Octane Loaded Second Review of Jonathan Janz’s Vampire Western, Dust Devils! Plus an Interview (Squeal All You’d Like)!

At the time of the vampire western novel, Dust Devils, was releasing on February 4, 2014, I gave a partial review for author Jonathan Janz and promised I’d be back to give my full review. Here I am!! This month went way to fast and had way too many things happening. So I’m going to give you a snippet of my first review and then head into my review of the second half of the book!  Following that I have a HOT interview with Janz on his newest novel (I know, I know all you screaming fan girls already think he’s hot…well, just read the interview already!)!


Excerpt from My First Partial Review of Dust Devils (find all of this previous post HERE)….

One of my author buddies, the one I think I like because I make him laugh, or maybe I try to make him laugh and he just smiles not really laughing….or maybe he is really laughing at me and not with me…..ah, I digress, no matter the case I actually like Jonathan Janz  AND his writing. Telling you he is a friend of mine doesn’t make my review, evaluation, or recommendation any less REAL. For me to tell you to read it, I have to like it.  My reputation is gold to me.  So, as my writing friends know, even if I dearly respect and admire you, I won’t sell your book as good if it is not. I’m honest and so honestly, THIS BOOK IS A MUST READ!!!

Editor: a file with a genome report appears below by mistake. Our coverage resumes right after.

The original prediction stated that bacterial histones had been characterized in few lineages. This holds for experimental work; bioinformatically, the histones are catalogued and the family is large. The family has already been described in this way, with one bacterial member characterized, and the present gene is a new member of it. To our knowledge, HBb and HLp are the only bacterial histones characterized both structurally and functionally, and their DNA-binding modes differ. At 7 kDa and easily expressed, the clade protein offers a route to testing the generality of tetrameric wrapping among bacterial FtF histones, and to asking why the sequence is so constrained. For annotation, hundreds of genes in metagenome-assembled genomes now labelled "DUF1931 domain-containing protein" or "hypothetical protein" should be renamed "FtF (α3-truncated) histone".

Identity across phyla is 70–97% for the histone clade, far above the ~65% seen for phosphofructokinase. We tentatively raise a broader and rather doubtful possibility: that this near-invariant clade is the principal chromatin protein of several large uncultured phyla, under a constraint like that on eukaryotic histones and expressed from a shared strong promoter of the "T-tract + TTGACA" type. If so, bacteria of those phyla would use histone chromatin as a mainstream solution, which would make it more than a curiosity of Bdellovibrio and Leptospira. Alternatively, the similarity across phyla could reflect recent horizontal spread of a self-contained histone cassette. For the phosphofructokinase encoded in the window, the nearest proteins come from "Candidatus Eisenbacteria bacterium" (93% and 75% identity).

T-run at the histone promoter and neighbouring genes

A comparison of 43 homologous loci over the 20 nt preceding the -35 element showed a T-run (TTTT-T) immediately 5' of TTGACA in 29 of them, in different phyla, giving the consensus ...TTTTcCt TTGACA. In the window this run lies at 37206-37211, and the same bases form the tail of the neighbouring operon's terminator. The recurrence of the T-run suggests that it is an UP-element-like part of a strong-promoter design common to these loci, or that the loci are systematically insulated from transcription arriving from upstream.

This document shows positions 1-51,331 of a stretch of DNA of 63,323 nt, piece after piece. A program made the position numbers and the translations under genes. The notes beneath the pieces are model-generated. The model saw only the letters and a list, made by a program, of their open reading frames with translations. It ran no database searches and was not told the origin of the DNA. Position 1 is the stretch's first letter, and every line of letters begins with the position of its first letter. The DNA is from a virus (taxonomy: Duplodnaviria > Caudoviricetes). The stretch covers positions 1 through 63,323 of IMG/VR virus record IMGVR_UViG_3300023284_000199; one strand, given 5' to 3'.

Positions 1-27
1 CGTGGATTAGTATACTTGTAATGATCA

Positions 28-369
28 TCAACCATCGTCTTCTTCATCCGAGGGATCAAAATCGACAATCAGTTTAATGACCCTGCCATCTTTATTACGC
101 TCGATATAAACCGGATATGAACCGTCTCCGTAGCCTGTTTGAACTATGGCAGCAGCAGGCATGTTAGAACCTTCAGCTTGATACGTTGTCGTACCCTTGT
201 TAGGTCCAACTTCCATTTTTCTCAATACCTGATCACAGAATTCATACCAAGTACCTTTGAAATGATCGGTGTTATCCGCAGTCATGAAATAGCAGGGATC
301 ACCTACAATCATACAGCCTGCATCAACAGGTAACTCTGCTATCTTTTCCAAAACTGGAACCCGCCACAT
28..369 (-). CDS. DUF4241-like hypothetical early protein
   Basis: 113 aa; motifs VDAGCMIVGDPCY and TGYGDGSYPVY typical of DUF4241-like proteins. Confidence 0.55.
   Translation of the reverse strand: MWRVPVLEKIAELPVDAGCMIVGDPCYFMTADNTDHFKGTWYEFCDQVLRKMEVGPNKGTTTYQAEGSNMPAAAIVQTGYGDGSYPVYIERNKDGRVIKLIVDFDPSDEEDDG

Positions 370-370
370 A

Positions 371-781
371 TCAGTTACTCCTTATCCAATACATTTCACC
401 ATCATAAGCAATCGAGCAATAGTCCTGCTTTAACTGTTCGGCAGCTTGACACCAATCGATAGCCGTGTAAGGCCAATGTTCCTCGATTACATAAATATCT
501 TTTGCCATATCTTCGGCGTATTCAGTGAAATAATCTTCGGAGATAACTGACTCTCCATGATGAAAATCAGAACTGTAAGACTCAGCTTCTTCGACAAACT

Now, about DUST DEVILS……published Feb. 4, 2014!

At least so far, I mean I am just a little behind (Feb. 3) and so only 40% in, but that isn’t because I’m NOT sitting here chomping at the bit, thinking of neglecting my children and feeding them bread crumbs while I finish the book. No, I will just torture myself by waiting until bed time and then stay up all night finishing it until I collapse and wake up clutching the comforter in a death grip from the vampirism terror I am bound to come across.

Reading this much so far though, I know a few things. It’s IS the best book I’ve read by him. And yes, I’ve said this each time, but he gets better each time and this one far exceeds any others. His characters have great dimensional depth and emotion. I already feel as if I know the two lead protagonists, Cody and Willet. I’m already pulling for them to leave the winners in any final showdown that may occur. I already know their fears and desires, have seen a father and son relationship blossom between a man who just found a boy who needed saving from some nasty actors, who just happen to apparently also be vampires. I love his use of the traveling stage play and traveling actors as the vampire’s cover and even enjoyed the scenes where they cooked human flesh on the spit….did I just say that?? Ok, ewwww…but it didn’t SEEM gross, because it is so well-done. Kinda like the troll scene in Lord of the Rings?

Janz uses techniques of Stephen King, such as in The Dark Tower series (he may not even realize it) and King’s overall style in creating a character in a way in which we HEAR what is happening in his head. Either through the character talking to himself or some reader asides. Ronald Malfi is a great literary author who also employs these techniques. Beyond that, King is great at creating characterization in which you feel a connection with characters. Janz is spot on in this regard. He’s slowed it down, which creates suspense, and also let his work breathe and live and roll around in your head.